Australia – New Zealand
Private health insurance (PHI) is an important part of the Australian health system. It was argued that, without the reforms, the public hospital system would undoubtedly collapse under the increased demand for public health services.
Cost containment and Gatekeepers
There are three central goals of the system
A basic requirement is that those with equal needs have equal opportunities to access care. However, patients with equal needs do not have equal opportunities to access to certain services such as rheumatological services in Australia. Access to a rheumatologist varies considerably between the States and Territories and the PBS criteria require a rheumatologist to apply for the biologicals on behalf of the patient. 
Not everyone who has a rational case for subsidised access to a particular form of healthcare can gain access to it. The important responsibility of clinicians, who are, in effect, the ‘gatekeepers‘, to manage the expectations of patients as well as their disease was thus impaired. 
The health sector in Australia faces major challenges such as:
- Ageing population
- Spiraling health care costs
- Continuing poor Aboriginal health
- Emerging threats to public health
At the same time, the environment for policy making is becoming increasingly complex.
In this context, strong policy capacity – most commonly understood as the capacity of government to make ‘intelligent choices’ between policy options is essential if governments and societies are to address the continuing and emerging problems effectively.
Since 1995 Australian health insurers have been able to purchase health services pro-actively through negotiating contracts with hospitals, but little is known about their experience of purchasing. Many of the traditional tools used to generate competition and enhance efficiency (such as selective contracting and co-payments) have had limited use due to public and political opposition. Adoption of bundled case payment models using diagnosis related groups (DRGs) has been slow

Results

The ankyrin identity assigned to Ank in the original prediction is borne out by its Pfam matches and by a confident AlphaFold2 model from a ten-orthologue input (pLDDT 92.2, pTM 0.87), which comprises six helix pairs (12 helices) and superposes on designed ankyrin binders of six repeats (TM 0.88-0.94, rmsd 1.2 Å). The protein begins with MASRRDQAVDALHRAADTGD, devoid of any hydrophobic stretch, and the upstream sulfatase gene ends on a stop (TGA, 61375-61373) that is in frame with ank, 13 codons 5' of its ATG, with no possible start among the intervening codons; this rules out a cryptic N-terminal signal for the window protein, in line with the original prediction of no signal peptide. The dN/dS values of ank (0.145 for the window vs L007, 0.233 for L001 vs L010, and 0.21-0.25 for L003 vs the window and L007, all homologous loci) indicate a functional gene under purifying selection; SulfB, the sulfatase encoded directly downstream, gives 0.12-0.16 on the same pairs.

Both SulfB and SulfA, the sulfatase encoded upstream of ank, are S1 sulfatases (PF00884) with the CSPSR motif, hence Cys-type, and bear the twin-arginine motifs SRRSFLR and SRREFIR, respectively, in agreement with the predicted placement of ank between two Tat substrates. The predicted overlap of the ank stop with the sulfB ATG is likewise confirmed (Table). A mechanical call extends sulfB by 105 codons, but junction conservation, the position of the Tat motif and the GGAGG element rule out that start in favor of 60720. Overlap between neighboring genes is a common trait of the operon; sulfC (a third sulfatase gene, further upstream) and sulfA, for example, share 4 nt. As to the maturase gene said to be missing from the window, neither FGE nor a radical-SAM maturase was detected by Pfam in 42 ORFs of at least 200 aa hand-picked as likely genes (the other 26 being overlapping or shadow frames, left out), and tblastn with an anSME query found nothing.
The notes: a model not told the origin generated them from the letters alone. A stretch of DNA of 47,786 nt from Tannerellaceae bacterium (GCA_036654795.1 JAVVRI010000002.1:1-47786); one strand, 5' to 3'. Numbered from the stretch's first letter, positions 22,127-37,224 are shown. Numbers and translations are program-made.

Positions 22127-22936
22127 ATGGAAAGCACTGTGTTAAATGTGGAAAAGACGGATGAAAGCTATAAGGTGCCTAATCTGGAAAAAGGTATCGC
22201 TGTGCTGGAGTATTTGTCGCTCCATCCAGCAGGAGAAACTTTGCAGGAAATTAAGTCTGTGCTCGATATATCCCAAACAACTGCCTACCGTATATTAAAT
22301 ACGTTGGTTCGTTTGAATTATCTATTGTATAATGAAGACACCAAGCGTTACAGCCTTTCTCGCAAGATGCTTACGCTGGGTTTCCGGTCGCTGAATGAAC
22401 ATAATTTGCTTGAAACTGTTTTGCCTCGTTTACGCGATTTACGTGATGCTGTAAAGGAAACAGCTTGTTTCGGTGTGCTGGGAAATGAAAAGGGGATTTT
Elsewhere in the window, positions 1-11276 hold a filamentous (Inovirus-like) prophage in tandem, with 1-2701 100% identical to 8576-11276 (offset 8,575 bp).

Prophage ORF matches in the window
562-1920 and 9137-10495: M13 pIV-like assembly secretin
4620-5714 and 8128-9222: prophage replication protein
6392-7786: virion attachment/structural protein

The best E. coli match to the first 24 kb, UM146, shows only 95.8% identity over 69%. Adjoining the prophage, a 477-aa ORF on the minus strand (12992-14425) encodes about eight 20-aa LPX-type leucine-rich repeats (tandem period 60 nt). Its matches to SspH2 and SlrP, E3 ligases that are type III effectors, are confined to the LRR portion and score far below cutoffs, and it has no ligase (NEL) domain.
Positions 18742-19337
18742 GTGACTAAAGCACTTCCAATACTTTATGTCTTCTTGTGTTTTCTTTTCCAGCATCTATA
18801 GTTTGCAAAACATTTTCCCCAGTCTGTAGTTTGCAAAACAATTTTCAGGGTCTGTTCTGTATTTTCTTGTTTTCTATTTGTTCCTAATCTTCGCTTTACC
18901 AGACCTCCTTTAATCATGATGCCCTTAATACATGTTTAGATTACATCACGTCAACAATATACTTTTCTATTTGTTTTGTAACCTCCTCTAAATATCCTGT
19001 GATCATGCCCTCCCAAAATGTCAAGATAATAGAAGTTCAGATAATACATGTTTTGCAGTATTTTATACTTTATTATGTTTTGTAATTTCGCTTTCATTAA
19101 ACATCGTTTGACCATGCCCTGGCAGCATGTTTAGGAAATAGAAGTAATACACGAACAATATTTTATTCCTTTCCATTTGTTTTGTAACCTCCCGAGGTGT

Private health insurers also face a complex web of regulation, some of which appears to impede moves towards more efficient purchasing. In introducing the 1995 contracting reforms, the Commonwealth Minister proposed that one of the central objectives was to transform private health insurers from “passive bill payers” into active purchasers of services for their members 
“Increased public hospital bed numbers are crucial if:
- We are to reduce waiting times
- Ease the Emergency Department pressures
- Improve patient care
- Have patients in the most appropriate clinical setting for their condition.
“The AMA supports the move to establish hospital boards, and will work with government to develop the appropriate model, which will need to include clinicians. Much of the Plan depends on cooperation and take-up from the States and Territories.
The fact is at present:
- Gives access to the best doctors and left to the wealthy
- Exposure to medical errors is less of a problem for private patients
Access to the best doctors is erratic
- Exposure to medical errors seems more of a problem for public patients
Australia has a real problem with medical errors in the health care system.
It is estimated errors are at between
- 3.2 and 5.4 per cent in the US
- 9 per cent in Denmark
- 10 to 11 per cent in the UK
- But a shocking 10.6 to 16.6 in — Australia (Bedkober, B., IPA Review, March 2007).
The figure of 10 per cent was just recently confirmed in a government report. According to Wilson (“Quality in Australian Health Care”, 1995) one in six hospital admissions generates an adverse event, half of which is preventable and six in every 1,000 admissions are ending in a preventable death from an adverse event including complications.
In this two-tier system
- The majority of public patients end up on waiting lists
- Private patients get access through their referring doctors to what they believe are the best performing hospitals or specialists.
 http://www.onlineopinion.com.au/view.asp?article=7715 Road map for Australian health care reform – Part I